The existing Mediterranean energy infrastructure was mostly designed and built more than 50 years ago and were based on the national-level energy policies and security of supply priorities of the time. Since then, the energy landscape has changed dramatically. Now, national dynamics must be harmonised with regional and global developments and policies. In particular, climate change policies and energy security measures have greatly impacted the existing energy infrastructures and transmission grids, and are expected to continue doing so in the foreseeable future. In order to achieve the national and regional energy policy objectives, the infrastructural endowment will need to be updated in most countries of the region. For the electricity grid, a combination of short-term goals and long-term patterns will guide development of the transmission network in the coming decades. Reinforced interconnection between Member States (MS) in the EU and South and East Mediterranean Countries (SEMCs) are required in order to achieve more secure and more sustainable energy systems. This is also compatible with other energy policy objectives. For example, the EU member states are required to comply with the completion of an integrated Internal Energy Market (IEM) by 2020.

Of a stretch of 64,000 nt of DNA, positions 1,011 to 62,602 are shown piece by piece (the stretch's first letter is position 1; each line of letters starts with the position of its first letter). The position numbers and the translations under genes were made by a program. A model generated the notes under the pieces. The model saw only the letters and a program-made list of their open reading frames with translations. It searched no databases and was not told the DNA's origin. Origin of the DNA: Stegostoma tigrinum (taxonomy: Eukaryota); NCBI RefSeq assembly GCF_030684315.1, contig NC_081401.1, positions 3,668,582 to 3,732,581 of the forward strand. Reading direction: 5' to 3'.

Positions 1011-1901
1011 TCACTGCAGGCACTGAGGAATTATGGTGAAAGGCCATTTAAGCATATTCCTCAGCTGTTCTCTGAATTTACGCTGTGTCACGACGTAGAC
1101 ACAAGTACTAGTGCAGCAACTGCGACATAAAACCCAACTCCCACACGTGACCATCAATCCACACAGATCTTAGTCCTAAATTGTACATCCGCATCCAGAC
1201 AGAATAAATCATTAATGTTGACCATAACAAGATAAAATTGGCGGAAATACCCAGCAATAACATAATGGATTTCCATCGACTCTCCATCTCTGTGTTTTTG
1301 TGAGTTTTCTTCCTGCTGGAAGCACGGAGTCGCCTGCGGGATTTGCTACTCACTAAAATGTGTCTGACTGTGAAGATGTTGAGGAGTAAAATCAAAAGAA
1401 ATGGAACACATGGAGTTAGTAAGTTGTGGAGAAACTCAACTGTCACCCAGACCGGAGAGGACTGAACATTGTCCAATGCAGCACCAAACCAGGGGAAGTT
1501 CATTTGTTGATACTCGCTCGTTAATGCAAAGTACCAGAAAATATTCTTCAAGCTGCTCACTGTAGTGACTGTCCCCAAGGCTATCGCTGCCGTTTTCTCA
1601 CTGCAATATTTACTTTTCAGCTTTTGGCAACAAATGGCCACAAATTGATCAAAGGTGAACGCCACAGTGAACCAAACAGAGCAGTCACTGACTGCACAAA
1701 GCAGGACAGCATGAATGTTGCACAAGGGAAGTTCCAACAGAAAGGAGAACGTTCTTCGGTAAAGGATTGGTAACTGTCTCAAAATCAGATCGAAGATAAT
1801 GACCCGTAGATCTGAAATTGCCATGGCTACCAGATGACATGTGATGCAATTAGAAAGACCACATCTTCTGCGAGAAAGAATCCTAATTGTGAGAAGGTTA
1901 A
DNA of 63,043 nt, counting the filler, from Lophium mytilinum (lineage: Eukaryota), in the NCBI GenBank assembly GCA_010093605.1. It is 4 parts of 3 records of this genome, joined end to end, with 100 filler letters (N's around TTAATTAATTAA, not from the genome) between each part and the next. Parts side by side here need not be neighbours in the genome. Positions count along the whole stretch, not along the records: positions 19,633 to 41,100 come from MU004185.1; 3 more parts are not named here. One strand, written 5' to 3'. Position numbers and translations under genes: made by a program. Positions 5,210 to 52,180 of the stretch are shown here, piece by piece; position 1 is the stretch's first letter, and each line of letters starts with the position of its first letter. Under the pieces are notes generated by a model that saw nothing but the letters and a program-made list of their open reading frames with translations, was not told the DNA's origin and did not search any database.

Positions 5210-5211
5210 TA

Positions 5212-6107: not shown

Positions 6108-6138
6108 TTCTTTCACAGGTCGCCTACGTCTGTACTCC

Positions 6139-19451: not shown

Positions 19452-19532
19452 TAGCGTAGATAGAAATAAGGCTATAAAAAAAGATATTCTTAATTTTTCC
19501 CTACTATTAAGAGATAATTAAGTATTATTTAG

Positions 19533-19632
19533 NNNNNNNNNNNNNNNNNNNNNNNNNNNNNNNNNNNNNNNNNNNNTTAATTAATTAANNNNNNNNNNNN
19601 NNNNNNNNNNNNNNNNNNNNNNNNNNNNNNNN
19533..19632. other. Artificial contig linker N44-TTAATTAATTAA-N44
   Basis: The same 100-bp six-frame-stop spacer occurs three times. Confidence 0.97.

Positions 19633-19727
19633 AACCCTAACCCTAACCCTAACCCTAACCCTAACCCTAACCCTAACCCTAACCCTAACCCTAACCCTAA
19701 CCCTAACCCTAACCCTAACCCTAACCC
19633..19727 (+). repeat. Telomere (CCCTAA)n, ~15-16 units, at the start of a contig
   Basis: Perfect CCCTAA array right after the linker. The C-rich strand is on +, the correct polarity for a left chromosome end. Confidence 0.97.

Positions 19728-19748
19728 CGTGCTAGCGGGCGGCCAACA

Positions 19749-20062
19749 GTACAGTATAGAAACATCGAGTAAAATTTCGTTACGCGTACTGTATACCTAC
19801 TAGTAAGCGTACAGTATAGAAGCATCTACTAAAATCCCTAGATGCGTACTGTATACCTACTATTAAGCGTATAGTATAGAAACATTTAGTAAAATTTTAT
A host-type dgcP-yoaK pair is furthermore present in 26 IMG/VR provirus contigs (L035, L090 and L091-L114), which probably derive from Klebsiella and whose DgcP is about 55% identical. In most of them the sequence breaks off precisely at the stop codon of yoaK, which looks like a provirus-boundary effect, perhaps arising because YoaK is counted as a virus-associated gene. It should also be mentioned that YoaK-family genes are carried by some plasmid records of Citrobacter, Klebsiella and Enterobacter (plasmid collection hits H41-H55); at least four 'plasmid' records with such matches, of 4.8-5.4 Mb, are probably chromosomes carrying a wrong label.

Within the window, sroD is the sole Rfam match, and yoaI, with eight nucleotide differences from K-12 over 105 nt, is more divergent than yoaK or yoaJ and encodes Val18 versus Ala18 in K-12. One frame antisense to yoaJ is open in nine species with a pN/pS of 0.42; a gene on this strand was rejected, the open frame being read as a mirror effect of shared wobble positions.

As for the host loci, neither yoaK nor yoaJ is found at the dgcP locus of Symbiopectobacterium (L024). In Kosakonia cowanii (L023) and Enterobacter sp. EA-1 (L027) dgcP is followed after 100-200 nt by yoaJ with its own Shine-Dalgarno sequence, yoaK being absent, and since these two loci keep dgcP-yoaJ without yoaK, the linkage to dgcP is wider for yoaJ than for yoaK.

Rahmatallah Poudineh, Senior research fellow, Oxford Institute for Energy
Alessandro Rubino, Research Fellow in Economics, University of Bari
Oxford Institute for Energy Studies